Apart from its role in fast inhibitory transmission, only neurotrophic effects have been reported following activation of the GABAA receptor. Here, we show that n-butyl-beta-carboline-3-carboxylate and n-methyl-beta-carboline-3-carboxamide, which are negative allosteric modulators of the GABAA receptor acting at the benzodiazepine site, are neurotoxic for cerebellar granule neurones in culture. The beta-carboline-induced neuronal death is apoptotic since DNA internucleosomal fragmentation was induced and the neurotoxicity could be prevented by inhibitors of mRNA or protein synthesis. As GABA and benzodiazepine ligands (diazepam and Ro 15-1788) protect cerebellar granule cells against beta-carboline-induced toxicity, these data raise the possibility that the interaction between the beta-carbolines and the GABAA receptor is the triggering event leading to neuronal apoptosis. [less ▲]

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See detailOxidative induction time: a quality assurance measurement to predict environmental stress-cracking
Courard, Luc ULg; Rigo, Jean-Marie ULg

in De Groot, M.B.; Den Hoedt, G.; Termaat, R.J. (Eds.) Proceedings of the 1st European Geosynthetics Conference EUROGEO 1 (1996)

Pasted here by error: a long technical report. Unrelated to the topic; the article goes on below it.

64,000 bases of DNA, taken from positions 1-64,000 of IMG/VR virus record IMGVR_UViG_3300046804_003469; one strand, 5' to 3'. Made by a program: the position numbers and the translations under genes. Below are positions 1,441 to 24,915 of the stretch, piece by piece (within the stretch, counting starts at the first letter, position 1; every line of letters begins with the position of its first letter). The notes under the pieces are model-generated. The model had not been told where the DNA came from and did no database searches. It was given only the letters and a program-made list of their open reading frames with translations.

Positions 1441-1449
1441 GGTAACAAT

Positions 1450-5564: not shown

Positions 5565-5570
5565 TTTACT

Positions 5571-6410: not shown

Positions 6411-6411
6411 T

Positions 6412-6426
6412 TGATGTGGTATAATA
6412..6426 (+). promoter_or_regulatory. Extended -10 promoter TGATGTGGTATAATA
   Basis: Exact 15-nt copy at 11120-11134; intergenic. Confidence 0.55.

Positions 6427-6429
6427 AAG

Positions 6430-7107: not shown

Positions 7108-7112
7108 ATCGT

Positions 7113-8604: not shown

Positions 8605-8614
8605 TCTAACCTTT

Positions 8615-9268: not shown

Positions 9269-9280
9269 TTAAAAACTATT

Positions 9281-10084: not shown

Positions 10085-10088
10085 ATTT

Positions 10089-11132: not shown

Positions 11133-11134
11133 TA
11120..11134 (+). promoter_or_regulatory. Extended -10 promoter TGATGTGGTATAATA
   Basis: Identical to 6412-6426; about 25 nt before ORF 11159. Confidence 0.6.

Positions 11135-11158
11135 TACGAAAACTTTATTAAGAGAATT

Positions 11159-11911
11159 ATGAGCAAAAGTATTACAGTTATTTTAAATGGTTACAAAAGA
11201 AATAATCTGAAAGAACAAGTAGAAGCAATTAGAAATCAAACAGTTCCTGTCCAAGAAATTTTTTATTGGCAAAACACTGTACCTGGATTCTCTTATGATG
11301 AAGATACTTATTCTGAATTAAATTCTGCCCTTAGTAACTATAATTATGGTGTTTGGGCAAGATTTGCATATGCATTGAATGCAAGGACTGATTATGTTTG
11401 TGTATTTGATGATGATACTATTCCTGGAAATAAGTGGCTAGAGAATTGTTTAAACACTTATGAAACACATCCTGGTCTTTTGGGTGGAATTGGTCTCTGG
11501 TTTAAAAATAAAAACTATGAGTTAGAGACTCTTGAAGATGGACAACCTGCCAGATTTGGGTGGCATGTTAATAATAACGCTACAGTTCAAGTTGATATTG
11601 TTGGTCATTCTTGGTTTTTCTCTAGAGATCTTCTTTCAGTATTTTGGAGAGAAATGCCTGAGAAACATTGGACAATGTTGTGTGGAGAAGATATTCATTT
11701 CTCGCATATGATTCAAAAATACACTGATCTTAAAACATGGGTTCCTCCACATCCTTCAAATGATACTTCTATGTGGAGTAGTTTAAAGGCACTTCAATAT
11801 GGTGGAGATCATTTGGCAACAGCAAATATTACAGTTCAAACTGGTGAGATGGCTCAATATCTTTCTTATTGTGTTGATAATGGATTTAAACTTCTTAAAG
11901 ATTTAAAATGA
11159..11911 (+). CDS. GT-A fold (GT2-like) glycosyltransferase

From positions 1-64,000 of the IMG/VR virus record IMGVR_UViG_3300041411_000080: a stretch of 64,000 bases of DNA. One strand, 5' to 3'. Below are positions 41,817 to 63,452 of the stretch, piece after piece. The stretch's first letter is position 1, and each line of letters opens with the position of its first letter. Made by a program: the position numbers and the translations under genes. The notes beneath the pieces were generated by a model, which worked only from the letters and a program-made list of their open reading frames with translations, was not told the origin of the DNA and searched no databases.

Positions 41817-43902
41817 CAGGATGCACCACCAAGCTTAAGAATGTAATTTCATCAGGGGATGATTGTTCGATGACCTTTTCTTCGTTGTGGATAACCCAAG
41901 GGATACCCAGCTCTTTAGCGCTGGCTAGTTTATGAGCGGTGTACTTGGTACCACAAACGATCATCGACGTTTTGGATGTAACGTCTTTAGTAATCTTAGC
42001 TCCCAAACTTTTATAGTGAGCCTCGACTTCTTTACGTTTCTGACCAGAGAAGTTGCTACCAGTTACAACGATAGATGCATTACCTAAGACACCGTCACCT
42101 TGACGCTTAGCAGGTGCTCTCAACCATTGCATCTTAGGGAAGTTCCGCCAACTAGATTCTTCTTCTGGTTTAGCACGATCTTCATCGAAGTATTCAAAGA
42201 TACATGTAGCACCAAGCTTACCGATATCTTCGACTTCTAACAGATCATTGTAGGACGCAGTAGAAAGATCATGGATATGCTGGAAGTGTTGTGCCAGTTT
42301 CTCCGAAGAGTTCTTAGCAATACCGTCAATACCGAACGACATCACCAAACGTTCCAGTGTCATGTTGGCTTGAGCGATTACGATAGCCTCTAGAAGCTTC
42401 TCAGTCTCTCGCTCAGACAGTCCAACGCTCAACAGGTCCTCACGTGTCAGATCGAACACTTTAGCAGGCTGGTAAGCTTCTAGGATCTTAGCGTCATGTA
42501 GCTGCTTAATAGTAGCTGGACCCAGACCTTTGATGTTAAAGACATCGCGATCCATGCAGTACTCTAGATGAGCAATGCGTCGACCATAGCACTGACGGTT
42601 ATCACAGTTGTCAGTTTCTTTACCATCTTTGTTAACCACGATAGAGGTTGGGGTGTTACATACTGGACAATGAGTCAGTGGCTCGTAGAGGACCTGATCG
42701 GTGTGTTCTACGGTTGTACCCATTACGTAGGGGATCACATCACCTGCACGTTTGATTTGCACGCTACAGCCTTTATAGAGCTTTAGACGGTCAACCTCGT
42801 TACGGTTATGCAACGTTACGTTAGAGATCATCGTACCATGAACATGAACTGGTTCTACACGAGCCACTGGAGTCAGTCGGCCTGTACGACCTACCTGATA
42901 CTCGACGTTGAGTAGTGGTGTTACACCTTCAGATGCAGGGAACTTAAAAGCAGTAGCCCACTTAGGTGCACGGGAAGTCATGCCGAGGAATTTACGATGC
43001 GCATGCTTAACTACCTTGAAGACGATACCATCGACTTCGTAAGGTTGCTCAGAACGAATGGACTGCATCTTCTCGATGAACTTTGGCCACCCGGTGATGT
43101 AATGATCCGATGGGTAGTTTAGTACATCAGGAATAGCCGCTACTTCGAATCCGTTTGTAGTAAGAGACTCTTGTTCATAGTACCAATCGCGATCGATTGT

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See detailLining systems stability in landfill slopes : parametric study
Frédéric, Bernard; Rigo, Jean-Marie ULg; Bolle, Albert ULg et al

in Proceedings of the Fifth International Landfill Symposium (1995)

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See detailContribution to the study of stress cracking phenomenon by oxidative induction time measurements
Rigo, Jean-Marie ULg; Courard, Luc ULg; Detaille, Laurence et al

in Delmas, Philippe; Gourc, Jean-Pierre (Eds.) Proceedings of the Rencontres 95 (1995)

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See detailEffect of geotextiles on crack propagation in the pavement overlays